Japan’s ruling conservative parties were on track to win another majority in snap elections on Sunday but low voter turnout reflected rising disenchantment with Prime Minister Shinzō Abe’s economic reforms.
Japanese media projected Abe’s Liberal Democrats and their socially more conservative coalition partners in the Komeito party would win more than 317 seats in the country’s lower house of parliament, a loss of under ten seats but enough to maintain a comfortable majority.
However, barely one in two eligible voters turned out compared with almost 60 percent turnout in the last election in 2012.
Abe called early elections last month to seek a fresh mandate for his economic policy when the country slipped back into recession.
Japan’s prime minister, Shinzō Abe, called a snap election for the lower house of parliament on Tuesday to seek a fresh mandate for his stalled economic reforms. The announcement came a day after data showed the country had slipped back into recession.
Abe also said he would delay a planned sales tax increase to 10 percent. His earlier tax hike, from 5 to 8 percent, is widely blamed for pushing the world’s third largest economy into negative growth.
The nationalist politician, who staked much of his political capital after returning to power in December 2012 on reasserting Japan’s regional influence, nevertheless insisted during a news conference in Tokyo that his economic program was working.
“I am aware that critics say ‘Abenomics’ is a failure and not working but I have not heard one concrete idea what to do instead,” he said. “This is the only way to end deflation and revive the economy.”
When Prime Minister Shinzō Abe finally unveiled his plans to make Japan more competitive in June, the proposals underwhelmed. While he promised to lower Japan’s corporate tax rate, currently the highest in the developed world, to below 30 percent, Abe shied away from comprehensive agriculture and labor reforms that could revitalize the island nation’s economy. The latter, especially, are sorely needed.
Japan’s rigid labor laws, which make it nearly impossible to lay off workers, have led many companies to limit hiring to part-time or temporary employees who are typically paid a third less. 17 percent of Japanese men aged 25 to 34 now hold such jobs. For women of all ages, the rate is a staggering 57 percent. 70 percent of Japanese women also still quit their job when they have children.
Visiting South Korea on Thursday, China’s president, Xi Jinping, appeared to distance himself from his country’s longtime communist ally North Korea, telling his South Korean counterpart, Park Geun-hye, that China took an “impartial” view to situation on the peninsula.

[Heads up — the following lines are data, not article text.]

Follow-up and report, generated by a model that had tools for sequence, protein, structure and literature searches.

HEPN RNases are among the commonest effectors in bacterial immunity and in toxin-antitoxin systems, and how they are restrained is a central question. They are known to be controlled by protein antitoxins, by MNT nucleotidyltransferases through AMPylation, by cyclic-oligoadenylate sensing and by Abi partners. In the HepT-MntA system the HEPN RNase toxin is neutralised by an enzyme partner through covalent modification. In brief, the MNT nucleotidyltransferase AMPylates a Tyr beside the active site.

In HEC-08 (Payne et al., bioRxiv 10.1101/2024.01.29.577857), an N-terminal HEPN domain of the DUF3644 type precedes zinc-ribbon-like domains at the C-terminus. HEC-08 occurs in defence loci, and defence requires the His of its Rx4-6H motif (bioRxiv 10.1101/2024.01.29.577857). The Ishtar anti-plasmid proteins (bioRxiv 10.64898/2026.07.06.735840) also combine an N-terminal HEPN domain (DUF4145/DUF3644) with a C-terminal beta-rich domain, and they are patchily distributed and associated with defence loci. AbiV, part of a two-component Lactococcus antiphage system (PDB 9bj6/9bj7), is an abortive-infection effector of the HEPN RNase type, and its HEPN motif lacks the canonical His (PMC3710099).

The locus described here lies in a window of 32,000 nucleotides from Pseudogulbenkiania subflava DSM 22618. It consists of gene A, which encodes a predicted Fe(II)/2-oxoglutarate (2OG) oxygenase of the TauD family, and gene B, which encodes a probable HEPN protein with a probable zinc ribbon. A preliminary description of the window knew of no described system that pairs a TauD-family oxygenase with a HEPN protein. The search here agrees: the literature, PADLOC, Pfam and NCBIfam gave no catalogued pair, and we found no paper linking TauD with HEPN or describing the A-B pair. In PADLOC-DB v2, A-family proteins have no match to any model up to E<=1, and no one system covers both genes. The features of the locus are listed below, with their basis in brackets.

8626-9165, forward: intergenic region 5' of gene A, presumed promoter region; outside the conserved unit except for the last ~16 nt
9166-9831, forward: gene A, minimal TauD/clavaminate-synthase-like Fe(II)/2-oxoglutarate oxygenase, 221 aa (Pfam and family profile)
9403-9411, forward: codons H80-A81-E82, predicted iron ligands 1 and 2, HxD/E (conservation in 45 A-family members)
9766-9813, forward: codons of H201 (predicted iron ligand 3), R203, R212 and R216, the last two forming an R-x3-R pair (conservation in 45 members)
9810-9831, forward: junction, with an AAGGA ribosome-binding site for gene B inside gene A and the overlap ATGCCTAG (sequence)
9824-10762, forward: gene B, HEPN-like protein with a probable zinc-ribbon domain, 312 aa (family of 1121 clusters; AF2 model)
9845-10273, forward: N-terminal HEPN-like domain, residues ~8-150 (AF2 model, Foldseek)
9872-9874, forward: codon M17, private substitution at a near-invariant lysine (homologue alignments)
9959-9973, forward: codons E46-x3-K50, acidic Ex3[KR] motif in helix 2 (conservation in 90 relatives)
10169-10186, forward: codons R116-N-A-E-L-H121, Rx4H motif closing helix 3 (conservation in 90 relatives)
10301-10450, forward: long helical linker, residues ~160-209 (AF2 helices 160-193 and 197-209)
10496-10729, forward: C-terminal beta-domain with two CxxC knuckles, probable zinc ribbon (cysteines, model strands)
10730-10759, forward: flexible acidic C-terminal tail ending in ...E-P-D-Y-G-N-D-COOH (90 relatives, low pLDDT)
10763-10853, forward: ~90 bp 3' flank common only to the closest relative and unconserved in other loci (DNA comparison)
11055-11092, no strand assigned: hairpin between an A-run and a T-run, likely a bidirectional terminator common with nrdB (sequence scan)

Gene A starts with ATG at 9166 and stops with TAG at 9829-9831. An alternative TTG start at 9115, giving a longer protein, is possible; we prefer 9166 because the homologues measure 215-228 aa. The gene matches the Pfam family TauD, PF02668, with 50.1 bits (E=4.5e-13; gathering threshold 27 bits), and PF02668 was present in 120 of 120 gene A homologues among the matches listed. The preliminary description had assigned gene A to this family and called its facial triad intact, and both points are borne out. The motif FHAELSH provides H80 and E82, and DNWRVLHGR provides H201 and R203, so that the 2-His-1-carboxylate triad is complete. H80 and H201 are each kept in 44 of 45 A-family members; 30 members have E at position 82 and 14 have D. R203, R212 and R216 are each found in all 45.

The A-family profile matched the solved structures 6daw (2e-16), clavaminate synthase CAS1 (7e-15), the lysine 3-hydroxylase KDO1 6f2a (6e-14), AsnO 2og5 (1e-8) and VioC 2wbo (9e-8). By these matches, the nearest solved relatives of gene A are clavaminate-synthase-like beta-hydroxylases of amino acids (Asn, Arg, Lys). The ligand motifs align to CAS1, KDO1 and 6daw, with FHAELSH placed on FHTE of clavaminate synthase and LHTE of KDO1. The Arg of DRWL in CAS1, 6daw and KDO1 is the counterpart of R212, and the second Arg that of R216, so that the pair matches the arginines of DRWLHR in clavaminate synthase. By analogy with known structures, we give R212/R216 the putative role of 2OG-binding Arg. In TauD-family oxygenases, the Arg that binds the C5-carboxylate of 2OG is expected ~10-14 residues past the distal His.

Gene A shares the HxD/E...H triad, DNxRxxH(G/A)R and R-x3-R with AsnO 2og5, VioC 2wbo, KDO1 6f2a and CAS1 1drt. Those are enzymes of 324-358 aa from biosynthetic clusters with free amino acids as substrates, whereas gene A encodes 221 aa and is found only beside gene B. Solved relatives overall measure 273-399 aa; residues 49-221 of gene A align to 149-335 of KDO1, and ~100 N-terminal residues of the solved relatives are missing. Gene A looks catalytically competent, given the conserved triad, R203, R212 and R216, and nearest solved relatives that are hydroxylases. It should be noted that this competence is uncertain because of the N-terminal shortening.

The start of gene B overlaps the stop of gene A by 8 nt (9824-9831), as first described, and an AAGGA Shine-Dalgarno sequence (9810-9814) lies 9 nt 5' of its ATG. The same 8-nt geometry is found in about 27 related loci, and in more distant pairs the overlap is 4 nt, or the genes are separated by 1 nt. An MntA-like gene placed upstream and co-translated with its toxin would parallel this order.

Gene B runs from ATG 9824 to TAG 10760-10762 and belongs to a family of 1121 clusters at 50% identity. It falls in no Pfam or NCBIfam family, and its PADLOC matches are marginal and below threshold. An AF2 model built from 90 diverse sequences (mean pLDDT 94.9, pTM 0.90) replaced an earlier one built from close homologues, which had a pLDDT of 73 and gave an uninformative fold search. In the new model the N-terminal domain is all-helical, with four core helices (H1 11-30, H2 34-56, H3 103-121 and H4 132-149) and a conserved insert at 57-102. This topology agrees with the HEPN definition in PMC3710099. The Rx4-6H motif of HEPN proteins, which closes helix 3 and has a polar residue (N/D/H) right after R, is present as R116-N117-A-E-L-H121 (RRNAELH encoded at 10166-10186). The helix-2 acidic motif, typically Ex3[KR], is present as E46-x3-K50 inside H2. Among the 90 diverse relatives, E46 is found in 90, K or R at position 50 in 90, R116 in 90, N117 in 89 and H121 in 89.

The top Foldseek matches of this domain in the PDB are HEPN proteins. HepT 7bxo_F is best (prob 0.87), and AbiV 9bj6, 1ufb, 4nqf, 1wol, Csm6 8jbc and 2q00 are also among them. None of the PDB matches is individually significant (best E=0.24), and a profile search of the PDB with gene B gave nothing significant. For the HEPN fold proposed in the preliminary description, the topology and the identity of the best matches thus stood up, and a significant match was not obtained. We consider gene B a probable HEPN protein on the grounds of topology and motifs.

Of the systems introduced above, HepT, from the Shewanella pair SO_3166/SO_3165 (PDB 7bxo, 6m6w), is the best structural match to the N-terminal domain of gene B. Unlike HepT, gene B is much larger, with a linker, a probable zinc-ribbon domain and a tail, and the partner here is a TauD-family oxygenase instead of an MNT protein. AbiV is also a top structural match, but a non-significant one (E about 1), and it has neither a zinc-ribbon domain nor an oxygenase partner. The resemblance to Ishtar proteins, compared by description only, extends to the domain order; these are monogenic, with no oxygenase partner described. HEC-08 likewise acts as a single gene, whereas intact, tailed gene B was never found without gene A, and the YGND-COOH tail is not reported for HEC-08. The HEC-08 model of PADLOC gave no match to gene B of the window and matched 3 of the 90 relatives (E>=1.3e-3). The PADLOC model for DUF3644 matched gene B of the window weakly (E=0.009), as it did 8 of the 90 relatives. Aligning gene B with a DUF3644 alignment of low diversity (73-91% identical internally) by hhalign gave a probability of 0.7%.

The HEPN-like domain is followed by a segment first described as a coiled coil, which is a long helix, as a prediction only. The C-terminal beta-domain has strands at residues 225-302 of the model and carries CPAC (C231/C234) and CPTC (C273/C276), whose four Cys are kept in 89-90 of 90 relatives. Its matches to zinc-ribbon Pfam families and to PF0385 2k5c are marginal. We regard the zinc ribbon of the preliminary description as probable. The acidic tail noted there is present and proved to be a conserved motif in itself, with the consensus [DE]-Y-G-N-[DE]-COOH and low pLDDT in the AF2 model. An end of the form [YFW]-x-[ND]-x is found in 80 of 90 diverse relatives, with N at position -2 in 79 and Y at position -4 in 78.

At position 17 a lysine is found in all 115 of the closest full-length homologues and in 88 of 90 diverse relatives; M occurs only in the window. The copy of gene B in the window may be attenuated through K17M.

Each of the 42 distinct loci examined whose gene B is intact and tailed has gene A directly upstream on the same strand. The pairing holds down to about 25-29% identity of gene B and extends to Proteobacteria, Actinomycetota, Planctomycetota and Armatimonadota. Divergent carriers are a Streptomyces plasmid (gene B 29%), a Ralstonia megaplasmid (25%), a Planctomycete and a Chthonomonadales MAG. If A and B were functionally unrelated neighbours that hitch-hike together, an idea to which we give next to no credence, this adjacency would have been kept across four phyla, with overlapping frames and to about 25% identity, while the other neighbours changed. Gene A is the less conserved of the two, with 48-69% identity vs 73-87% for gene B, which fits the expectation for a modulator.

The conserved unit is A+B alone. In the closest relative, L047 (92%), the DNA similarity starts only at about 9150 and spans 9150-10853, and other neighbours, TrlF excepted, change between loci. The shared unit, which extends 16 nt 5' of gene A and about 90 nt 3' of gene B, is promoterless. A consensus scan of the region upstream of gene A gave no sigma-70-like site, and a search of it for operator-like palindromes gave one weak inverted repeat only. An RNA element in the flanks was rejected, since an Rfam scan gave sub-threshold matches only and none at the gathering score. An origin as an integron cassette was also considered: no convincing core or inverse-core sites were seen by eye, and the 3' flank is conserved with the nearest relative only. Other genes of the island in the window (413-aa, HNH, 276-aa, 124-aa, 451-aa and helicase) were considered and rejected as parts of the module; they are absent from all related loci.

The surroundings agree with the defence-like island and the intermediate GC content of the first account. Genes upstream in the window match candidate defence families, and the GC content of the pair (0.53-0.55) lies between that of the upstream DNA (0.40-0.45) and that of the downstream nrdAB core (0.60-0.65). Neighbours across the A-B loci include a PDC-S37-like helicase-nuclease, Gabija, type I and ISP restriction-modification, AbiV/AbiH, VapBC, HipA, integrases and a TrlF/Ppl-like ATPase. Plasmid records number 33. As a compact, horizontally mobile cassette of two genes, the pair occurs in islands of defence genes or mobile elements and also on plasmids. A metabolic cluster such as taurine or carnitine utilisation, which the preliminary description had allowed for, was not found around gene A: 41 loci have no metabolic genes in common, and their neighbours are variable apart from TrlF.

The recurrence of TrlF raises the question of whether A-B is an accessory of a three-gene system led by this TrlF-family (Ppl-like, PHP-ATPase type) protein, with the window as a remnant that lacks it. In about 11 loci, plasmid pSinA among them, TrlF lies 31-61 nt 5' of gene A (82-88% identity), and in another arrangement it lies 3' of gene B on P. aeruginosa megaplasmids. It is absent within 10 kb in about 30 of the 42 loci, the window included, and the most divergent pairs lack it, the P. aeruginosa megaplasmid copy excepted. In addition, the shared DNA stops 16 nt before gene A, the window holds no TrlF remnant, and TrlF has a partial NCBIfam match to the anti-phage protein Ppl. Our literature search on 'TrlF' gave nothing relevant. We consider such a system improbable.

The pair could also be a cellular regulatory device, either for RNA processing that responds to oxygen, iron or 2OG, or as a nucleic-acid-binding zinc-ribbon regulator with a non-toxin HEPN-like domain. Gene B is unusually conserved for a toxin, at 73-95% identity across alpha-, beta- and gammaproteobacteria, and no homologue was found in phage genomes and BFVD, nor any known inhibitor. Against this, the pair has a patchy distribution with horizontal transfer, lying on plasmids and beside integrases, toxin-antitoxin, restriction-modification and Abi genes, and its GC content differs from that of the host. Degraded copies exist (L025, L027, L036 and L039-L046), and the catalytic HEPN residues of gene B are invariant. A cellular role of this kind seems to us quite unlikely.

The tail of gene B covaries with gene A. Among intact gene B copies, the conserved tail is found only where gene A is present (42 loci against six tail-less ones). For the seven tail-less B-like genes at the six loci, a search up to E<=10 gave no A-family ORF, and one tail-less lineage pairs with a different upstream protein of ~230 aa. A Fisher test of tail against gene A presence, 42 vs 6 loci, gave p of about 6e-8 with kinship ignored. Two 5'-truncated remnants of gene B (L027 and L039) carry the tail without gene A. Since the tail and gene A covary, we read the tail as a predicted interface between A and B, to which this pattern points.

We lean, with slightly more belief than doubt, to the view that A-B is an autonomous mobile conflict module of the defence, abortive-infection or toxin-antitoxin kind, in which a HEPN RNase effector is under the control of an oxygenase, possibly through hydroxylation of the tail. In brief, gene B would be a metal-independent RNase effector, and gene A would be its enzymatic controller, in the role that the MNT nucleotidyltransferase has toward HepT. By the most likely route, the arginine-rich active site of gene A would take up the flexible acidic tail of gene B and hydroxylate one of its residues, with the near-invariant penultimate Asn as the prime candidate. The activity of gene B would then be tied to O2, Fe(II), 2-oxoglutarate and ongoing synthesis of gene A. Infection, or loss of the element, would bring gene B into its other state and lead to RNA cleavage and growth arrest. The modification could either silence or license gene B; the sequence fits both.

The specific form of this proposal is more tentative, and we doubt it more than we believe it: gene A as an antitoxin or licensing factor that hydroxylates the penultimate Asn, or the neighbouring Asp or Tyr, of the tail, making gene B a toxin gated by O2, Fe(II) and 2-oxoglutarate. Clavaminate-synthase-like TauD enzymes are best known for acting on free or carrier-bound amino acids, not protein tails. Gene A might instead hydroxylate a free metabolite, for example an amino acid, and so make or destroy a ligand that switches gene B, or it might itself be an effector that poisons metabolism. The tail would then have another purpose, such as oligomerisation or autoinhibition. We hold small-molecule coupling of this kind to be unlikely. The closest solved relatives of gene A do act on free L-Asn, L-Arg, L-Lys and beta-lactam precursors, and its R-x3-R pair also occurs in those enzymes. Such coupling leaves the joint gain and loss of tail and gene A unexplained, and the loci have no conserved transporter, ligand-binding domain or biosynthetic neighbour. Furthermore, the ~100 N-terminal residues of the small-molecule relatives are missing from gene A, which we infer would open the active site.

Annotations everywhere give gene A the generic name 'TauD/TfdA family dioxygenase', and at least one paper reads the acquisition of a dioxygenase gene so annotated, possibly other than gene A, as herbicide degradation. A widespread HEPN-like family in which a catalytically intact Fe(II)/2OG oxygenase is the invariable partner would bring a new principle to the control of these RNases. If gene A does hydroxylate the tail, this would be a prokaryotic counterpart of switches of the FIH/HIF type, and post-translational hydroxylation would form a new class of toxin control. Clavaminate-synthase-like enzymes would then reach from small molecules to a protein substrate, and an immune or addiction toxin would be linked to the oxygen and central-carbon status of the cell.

According to Chinese state media, Xi said, “All parties concerned should jointly and properly manage and control the situation, avoid causing tension, prevent the situation from losing control and creating no more stirs.”
He added that China believes “all sides should be treated in a balanced way,” suggesting a shift away from Chinese support for the North Korean regime which just a day before Xi’s visit launched two rockets off its east coast in a show of force. Read more “Xi Seen Distancing China from North Korea”
Japan’s prime minister, Shinzō Abe, finally unveiled the “third arrow” of his economic reform program on Tuesday but the measures hardly signified a decidedly more liberal policy.
The conservative leader promised to lower Japan’s corporate tax rate, currently the highest in the developed world, to below 30 percent. But he notably shied away from proposing agriculture and labor market reforms that could lift the island nation’s economy out of its long slump.
China’s revisionist maritime claims and aggressive policy toward its neighbors in Southeast Asia suggest the country’s “peaceful rise” has come to an end. If that is the case, America’s strategists would be wise to advice increased engagement — to reassure allies in the Pacific and prevent China from challenging its supremacy there.
However, China’s policy may not be a calculated one. If America “responds” with a show of military force, it could inadvertently exacerbate China’s sense of encirclement and encourage the sort of aggression it believes China started.
In recent months, China has moved a deepwater drilling rig into waters that are disputed by Vietnam, rammed Vietnamese fishing boats in the South China Sea and deployed three nuclear missile submarines to the same area, engaged in a standoff with the Philippine navy over the Scarborough Shoal and declared an Air Defense Identification Zone over Japan’s Senkaku Islands — which America immediately challenged by flying two bombers through it unannounced.